We could barely contain ourselves. No one was talking but all of our squirming and desk drumming still made it noisy in the fifth-grade classroom. Even a stern around-the-room glare from Miss Schlegelmilch only quieted us down for a few minutes.
We had finally reached the biggest day of the year. It was that special day we waited for all year, years even. The day before Christmas vacation couldn’t match this.
It was Play Day at Colvill School.
It wasn’t the final day of school. There was still at least a day or two to go but Play Day marked the beginning of the end. It couldn’t be scheduled on the last day of school in case it rained. Play Day was meant to be held on a warm, sunny day in late May when you knew the cold days were gone, hopefully forever.
Play Day, as I recall, was reserved for the upper grades – maybe fourth but certainly fifth and sixth. It was our reward for enduring days of the obligatory end-of-year Iowa tests. I never figured out what kind of people lived in Iowa but after taking these tests, I was certain they must be mean. I was also convinced that they created the toughest versions of the tests just for Minnesota kids.
We had been told about Play Day from older kids for a long time. Now it was our turn. Play Day was really Play Afternoon since the main events were after lunch. That meant we had to behave and do some schoolwork in the morning or Miss Schlegelmilch would end it right there.
The main event was sort of a mini Olympics which included numerous races – running races (individual and relay), wheelbarrow races, sack races (single and double) and a team beanbag toss.
It seems to me that we could only enter a certain number of them in order to allow more kids a chance to win. This was before the days of everyone getting a participation ribbon. I already knew which kids had no chance of winning anything and I felt sorry for them. But I wasn’t about to forego the possibility of winning after all these years of waiting.
During the winter we often had running races in the basement community room, which also served as our gym. If someone could create a synthetic version of the smell of that room and put it in an aerosol can, many of us would instantly recognize it as “school smell.” Gifted smellers would know it as “school gym smell” and the real hyperosmiacs would be able to differentiate between “Colvill School gym smell” and “Colvill School third grade room” smell.
The races in the gym were our preparation for Play Day and where we could study the competition. We didn’t even know what types of races there would be except for the running races. So I was shocked to have to figure out, at the last minute, how best to get to the finish line standing in a burlap sack.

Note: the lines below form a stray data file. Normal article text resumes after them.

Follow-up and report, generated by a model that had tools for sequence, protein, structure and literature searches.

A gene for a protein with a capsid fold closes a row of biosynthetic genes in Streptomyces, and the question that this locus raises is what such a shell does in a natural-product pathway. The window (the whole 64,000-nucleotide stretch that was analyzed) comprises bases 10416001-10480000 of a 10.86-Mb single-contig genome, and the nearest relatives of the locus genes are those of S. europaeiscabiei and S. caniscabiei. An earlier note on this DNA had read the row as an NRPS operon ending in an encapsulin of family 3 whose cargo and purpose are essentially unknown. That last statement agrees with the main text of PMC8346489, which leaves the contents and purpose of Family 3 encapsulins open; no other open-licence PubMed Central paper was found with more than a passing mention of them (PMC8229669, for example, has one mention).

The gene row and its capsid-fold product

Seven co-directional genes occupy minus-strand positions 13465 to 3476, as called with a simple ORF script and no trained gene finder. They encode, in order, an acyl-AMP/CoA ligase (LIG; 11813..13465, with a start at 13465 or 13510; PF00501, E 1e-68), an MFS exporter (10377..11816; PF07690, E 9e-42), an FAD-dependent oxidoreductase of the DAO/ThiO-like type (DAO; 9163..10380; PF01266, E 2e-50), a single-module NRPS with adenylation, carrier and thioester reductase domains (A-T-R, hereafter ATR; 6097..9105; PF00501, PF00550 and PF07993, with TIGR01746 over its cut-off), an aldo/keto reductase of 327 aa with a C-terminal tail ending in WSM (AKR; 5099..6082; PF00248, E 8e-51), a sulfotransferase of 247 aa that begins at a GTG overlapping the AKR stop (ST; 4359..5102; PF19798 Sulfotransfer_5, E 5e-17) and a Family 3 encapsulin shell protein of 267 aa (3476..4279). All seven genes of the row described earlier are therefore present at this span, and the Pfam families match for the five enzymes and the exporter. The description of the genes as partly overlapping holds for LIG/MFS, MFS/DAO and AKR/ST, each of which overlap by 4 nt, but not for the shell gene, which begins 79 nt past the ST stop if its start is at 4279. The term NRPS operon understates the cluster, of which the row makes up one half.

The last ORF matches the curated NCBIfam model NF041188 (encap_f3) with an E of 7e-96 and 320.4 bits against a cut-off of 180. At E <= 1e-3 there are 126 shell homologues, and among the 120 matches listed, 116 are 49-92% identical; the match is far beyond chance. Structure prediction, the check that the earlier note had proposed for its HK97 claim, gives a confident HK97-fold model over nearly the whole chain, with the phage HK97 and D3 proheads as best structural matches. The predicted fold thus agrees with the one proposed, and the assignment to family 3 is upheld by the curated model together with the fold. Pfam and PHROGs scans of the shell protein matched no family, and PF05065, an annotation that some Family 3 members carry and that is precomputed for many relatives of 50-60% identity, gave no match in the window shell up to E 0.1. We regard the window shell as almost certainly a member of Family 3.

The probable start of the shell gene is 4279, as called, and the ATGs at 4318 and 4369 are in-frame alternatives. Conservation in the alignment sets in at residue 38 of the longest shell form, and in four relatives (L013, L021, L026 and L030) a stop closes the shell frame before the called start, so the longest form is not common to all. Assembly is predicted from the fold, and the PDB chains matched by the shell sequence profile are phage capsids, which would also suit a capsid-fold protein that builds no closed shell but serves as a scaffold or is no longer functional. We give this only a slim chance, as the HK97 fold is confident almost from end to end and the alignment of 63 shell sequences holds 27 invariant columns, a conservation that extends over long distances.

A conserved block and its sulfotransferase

The competition was held on the school’s front yard near the flagpole. The finish line was only about 50 feet from the start, if that. I got beat handily in the first running race I was sure I’d win. Other kids were growing up and getting more athletic. I hadn’t paid attention. Dang!
I joined with my close friend Tony in the team sack race. I don’t think we were even close to third place. I think my take for the day was a blue ribbon in a relay race, a red in the beanbag toss and a white in something I don’t even remember.
I was depressed about not outright winning the running race, but that soon dissipated when the ice cream cups were served. What’s better than eating cold ice cream on a flat wooden spoon?
Strangely, Play Day the following year was not as exciting. We couldn’t have the races on the school yard because a new gym addition was being built. We sixth-graders watched them build it much of the school year knowing we would never use it. We’d be in seventh grade at the high school the following year. We couldn’t even help create a “Colvill School new gym” smell.
So for our final Play Day we had to walk to the open area just before the first train overpass near the NSP power plant (Xcel today). It just didn’t seem right. I don’t even remember if I won any ribbons that day. Maybe it was because this was not how I expected to end my grade school years.
There would be no more Play Days. This was it and it was not what I expected. I sensed that I would never win another ribbon. The competition from then on would be fierce and ribbons would be for something a lot different and more challenging than a 50-foot sack race.
I felt better after eating my ice cream with the flat wooden spoon. School was almost done and I had a whole summer ahead of me before I had to worry about seventh grade.